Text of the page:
Supreme Court Dismisses Appeal for Lack of Subject Matter Jurisdiction

In Bon Harbor, LLC v. United Bank, the Alabama Supreme Court dismissed two consolidated appeals due to lack of subject matter jurisdiction: one appeal was from a non-final judgment; the other was from a judgment that was void because it was entered while the first order was on appeal.   

Bon Harbor sought to appeal two orders: a March 20 order granting a motion for partial summary judgment and a March 25 order purporting to enter a second, more detailed order granting a complete summary judgment. 

Neither order constituted an apealable order.  The March 20 order  was a bare bones grant of a motion for partial summary judgment which left a counterclaim pending in the trial court.  Pursuant to the general rule that an order which disposes of fewer than all of the claims is not a final order, the appeal therefrom was due to be dismissed.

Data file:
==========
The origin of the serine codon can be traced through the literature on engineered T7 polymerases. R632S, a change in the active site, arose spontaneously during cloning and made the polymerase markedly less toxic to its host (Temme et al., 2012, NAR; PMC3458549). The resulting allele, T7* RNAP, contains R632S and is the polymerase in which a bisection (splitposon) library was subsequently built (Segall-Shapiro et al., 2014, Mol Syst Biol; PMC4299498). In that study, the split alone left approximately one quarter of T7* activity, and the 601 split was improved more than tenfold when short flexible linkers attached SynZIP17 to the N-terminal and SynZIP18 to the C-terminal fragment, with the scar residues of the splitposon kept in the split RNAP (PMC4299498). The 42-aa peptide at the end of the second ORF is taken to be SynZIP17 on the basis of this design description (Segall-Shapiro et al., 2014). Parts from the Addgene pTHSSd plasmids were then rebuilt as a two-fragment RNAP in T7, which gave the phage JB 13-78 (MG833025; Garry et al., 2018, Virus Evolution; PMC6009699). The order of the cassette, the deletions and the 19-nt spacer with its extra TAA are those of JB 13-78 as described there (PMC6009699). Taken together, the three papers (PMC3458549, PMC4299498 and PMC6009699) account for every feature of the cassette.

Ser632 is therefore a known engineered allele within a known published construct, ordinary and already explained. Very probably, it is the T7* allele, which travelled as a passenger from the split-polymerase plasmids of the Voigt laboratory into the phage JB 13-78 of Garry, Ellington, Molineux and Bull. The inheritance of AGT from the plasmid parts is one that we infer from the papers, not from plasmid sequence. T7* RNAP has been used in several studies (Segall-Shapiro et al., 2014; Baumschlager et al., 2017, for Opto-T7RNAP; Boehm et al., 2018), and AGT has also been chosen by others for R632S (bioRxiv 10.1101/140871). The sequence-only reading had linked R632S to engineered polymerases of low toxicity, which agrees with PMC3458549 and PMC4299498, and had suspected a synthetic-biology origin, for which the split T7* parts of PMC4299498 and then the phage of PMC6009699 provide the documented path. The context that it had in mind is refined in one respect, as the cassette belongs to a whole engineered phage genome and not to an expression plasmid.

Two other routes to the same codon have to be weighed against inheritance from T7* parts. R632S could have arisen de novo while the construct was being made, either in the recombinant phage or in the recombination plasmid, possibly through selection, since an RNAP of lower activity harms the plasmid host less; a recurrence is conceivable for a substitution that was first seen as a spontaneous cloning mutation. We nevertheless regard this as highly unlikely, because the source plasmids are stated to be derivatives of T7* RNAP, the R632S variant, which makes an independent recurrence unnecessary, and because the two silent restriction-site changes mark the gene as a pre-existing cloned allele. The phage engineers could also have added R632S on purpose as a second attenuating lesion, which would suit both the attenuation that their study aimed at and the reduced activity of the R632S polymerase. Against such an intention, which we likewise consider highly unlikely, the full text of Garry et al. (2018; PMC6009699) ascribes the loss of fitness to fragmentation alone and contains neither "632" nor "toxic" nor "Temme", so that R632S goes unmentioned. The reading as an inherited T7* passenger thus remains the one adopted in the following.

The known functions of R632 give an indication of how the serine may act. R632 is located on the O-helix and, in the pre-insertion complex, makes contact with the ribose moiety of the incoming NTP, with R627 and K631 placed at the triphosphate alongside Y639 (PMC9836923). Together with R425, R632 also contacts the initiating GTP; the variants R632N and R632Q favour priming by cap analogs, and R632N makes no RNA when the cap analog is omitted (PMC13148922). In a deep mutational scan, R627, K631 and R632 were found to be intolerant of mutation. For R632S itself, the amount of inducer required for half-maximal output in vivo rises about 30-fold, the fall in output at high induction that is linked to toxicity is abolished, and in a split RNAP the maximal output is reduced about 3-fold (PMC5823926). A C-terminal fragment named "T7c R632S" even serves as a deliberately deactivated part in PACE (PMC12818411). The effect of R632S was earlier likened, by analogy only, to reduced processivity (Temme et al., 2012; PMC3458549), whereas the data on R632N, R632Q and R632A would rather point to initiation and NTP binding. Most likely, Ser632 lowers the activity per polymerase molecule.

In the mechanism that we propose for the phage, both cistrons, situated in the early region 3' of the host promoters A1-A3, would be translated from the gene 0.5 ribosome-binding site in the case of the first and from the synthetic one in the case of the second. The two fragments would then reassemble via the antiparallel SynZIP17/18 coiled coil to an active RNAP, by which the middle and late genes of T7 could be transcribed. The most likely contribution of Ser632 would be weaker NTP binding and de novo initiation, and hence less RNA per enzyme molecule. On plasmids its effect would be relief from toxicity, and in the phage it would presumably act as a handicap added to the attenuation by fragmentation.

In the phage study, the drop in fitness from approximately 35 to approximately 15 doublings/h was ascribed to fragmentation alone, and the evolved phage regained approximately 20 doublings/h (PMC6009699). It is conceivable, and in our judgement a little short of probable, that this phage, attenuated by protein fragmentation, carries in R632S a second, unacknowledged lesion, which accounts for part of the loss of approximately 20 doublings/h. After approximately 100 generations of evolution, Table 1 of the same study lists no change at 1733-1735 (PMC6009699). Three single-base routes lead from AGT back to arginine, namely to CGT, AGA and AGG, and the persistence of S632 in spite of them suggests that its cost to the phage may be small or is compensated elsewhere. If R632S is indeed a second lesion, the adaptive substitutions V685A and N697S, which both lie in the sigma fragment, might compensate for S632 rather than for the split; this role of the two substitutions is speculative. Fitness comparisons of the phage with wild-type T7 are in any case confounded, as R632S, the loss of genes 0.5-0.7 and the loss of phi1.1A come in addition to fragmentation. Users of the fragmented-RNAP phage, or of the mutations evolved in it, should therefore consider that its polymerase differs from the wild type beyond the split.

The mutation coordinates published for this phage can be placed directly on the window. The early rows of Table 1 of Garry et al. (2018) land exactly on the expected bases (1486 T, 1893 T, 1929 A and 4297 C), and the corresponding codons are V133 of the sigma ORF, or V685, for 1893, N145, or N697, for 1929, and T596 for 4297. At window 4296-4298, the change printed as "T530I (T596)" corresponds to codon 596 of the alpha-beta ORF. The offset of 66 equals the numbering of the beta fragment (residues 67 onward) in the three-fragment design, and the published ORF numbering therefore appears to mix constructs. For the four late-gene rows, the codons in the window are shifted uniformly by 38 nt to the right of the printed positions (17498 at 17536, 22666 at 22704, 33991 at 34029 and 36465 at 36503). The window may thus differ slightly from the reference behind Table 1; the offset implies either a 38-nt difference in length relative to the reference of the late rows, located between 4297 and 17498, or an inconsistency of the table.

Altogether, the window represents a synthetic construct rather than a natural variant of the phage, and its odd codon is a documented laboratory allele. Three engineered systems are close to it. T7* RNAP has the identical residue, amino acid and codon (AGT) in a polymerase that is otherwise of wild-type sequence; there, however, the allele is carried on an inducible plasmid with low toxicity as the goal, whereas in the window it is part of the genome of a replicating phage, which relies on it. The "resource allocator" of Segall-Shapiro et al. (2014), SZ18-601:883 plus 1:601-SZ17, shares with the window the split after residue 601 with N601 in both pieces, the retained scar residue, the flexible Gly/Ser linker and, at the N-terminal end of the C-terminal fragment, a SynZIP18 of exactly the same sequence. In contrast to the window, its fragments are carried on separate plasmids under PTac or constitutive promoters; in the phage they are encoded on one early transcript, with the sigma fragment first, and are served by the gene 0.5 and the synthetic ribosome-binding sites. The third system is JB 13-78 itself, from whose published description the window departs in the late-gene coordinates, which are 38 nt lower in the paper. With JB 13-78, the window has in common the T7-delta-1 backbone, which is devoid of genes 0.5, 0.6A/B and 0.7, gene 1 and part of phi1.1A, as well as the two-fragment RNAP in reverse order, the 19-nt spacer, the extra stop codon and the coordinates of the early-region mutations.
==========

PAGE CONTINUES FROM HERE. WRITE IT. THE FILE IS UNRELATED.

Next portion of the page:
Bon Harbor appealed the March 20 order on the same day it was filed.  On March 25, the trial court purported to enter a more comprehensive order granting summary judgment and including the counterclaim therein.  However, because an appeal from the first order had already been taken, the trial court  could "do nothing in respect to any matter or question which is involved in the appeal, and which may be adjudged by the appellate court."  Because the trial court had no subject matter jurisdiction to enter the March 25 order it was from a void judgment and could not support an appeal.